Construction is expected to begin in October on this newly approved 171-unit apartment building on Hanover Street. Rendering courtesy of Cube 3 and Soren Deniord

A former public works garage in Portland’s Bayside neighborhood is set to become a 171-unit apartment building, a project that could inject a healthy dose of housing into a city that desperately need it.

The planning board voted unanimously to approve the project at a meeting Tuesday night, and the developer said Wednesday he hopes to break ground in October.

Tom Watson & Co., a prominent Portland property owner and developer, plans a five- to eight-story building with an outdoor courtyard and swimming pool at 52 Hanover St. The estimated $60 million project is expected to take two years to build and should be ready for occupancy in the fall of 2023, the development team said.

“We are pleased to have the planning board’s approval to proceed in realizing the potential we see for this space – what is now an abandoned old public works garage and surface parking lot,” Tom Watson said. “Our team is looking forward to beginning the next phase of work to bring these rental apartments to Portland. We intend to continue collaborating with city staff and the neighborhood throughout construction.”

The board voted 4-0 in favor of the project, with members Maggie Stanley recused and David Silk and Marpheen Chann absent.

The project is the largest apartment proposal to be approved by the city since the Midtown development in 2014. That project, which was originally approved for 850 units on Somerset Street in Bayside before being scaled back to 450 units in response to a lawsuit, never moved forward.


By comparison, the largest projects approved or built in recent years include a 75-unit apartment building under construction at 510 Cumberland Ave. and a seven-story building with 139 units on Congress Street approved in 2015.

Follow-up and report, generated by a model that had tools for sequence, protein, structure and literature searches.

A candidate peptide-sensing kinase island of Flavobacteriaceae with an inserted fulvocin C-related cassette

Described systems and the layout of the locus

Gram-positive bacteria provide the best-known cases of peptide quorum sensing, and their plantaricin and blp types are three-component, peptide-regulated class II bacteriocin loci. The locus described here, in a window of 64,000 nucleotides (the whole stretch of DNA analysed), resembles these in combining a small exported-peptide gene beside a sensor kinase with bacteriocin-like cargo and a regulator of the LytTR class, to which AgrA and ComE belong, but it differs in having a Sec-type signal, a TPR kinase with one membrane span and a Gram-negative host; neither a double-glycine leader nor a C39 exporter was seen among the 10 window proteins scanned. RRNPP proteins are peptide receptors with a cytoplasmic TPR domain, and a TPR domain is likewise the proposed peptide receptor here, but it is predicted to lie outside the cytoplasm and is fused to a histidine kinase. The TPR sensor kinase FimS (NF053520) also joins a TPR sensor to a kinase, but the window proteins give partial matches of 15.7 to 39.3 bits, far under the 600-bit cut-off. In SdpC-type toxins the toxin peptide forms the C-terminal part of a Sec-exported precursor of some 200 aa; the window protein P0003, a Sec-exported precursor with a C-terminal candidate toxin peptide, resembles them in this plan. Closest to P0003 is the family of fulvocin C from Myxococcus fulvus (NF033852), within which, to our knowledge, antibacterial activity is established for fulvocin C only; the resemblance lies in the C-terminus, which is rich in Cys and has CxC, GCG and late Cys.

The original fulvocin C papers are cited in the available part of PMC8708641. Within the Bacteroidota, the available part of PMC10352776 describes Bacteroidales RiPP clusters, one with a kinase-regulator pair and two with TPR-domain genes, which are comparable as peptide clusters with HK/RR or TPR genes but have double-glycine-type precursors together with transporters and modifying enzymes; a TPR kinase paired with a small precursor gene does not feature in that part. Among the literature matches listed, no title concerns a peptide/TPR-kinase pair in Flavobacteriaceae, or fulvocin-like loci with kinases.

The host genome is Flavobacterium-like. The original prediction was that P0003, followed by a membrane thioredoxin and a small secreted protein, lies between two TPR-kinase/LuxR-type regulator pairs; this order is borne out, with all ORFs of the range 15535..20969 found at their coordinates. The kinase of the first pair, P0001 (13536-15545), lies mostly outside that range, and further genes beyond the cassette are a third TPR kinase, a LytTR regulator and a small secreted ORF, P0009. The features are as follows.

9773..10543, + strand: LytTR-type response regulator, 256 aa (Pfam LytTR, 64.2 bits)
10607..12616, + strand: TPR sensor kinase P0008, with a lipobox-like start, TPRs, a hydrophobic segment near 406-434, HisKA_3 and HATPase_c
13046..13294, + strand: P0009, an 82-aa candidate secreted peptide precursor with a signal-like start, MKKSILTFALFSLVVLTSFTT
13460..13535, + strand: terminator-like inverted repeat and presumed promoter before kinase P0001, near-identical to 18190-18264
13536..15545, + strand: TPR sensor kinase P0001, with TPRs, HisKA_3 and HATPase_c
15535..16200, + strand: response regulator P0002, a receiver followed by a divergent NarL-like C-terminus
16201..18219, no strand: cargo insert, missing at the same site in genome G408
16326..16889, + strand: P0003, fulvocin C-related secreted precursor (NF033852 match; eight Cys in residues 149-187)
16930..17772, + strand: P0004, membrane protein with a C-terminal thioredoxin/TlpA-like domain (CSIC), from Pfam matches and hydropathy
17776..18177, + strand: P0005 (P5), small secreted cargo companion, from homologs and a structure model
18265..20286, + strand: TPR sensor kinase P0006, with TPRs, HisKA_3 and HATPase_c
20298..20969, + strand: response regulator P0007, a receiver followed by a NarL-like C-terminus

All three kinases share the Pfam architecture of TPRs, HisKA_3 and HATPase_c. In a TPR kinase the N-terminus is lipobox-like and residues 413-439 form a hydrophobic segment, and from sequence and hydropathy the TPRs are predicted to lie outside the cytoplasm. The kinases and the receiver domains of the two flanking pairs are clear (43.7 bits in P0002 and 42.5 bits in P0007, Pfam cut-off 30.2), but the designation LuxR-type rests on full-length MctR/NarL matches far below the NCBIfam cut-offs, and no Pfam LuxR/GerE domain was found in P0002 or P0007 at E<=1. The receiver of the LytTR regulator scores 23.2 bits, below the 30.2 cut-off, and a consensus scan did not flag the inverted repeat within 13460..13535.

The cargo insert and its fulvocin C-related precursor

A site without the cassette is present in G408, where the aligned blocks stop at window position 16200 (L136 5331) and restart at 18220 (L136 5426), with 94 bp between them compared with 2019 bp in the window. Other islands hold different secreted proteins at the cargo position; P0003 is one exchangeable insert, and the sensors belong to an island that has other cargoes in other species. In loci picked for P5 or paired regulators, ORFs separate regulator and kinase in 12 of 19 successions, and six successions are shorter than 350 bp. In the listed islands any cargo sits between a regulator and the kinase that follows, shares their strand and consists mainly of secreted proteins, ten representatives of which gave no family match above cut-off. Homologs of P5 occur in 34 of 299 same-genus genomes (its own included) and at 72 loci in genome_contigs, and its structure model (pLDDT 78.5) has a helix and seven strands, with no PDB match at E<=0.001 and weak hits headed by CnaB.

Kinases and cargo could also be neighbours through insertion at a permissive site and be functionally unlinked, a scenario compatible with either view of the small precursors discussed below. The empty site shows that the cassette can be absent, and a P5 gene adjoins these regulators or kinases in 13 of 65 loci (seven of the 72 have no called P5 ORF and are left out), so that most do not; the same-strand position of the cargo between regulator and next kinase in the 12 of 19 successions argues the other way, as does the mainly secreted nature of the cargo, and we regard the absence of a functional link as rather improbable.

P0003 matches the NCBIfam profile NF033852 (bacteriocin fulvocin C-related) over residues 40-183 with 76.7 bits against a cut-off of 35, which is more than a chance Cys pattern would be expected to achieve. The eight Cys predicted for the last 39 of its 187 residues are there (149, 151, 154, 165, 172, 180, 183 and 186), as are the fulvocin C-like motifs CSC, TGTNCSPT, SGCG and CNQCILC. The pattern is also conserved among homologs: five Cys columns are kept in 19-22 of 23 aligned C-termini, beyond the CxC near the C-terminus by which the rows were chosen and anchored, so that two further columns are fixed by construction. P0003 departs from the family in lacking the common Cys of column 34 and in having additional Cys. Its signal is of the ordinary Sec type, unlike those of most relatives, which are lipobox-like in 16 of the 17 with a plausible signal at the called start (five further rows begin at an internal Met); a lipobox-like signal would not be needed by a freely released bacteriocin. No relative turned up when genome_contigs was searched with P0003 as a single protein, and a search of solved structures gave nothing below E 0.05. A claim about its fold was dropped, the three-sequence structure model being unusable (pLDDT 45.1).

Two other, larger projects are in the pipeline. An 18-story 263-unit apartment building proposed by Redfern Properties at 200 Federal St. won a zone change from the City Council last week and will now proceed to planning board and historic preservation reviews. And the redevelopment plan for the Northern Light Mercy Hospital’s State Street campus calls for more than 500 units of housing.

Watson’s project will include 132 one-bedroom units and 39 two-bedroom units. The apartments would be built above a two-story parking garage with 176 spaces, which would be leased separately from the units. Four retail spaces of 1,500 square feet each are proposed on the ground floor facing a proposed plaza facing 82 Hanover St., which Watson redeveloped to include Banded Brewing Co., The Yard bar and Wilson County BBQ restaurant, among others.

The project will include 20 units that will be deed restricted to remain affordable to middle-income families, defined as earning 100 percent of the area median income. The 2020 rent limits for similar workforce units would be $1,765 for a one-bedroom to $2,018 for a two-bedroom, according to the city.

The developer has said rent prices for market rate units will be finalized later.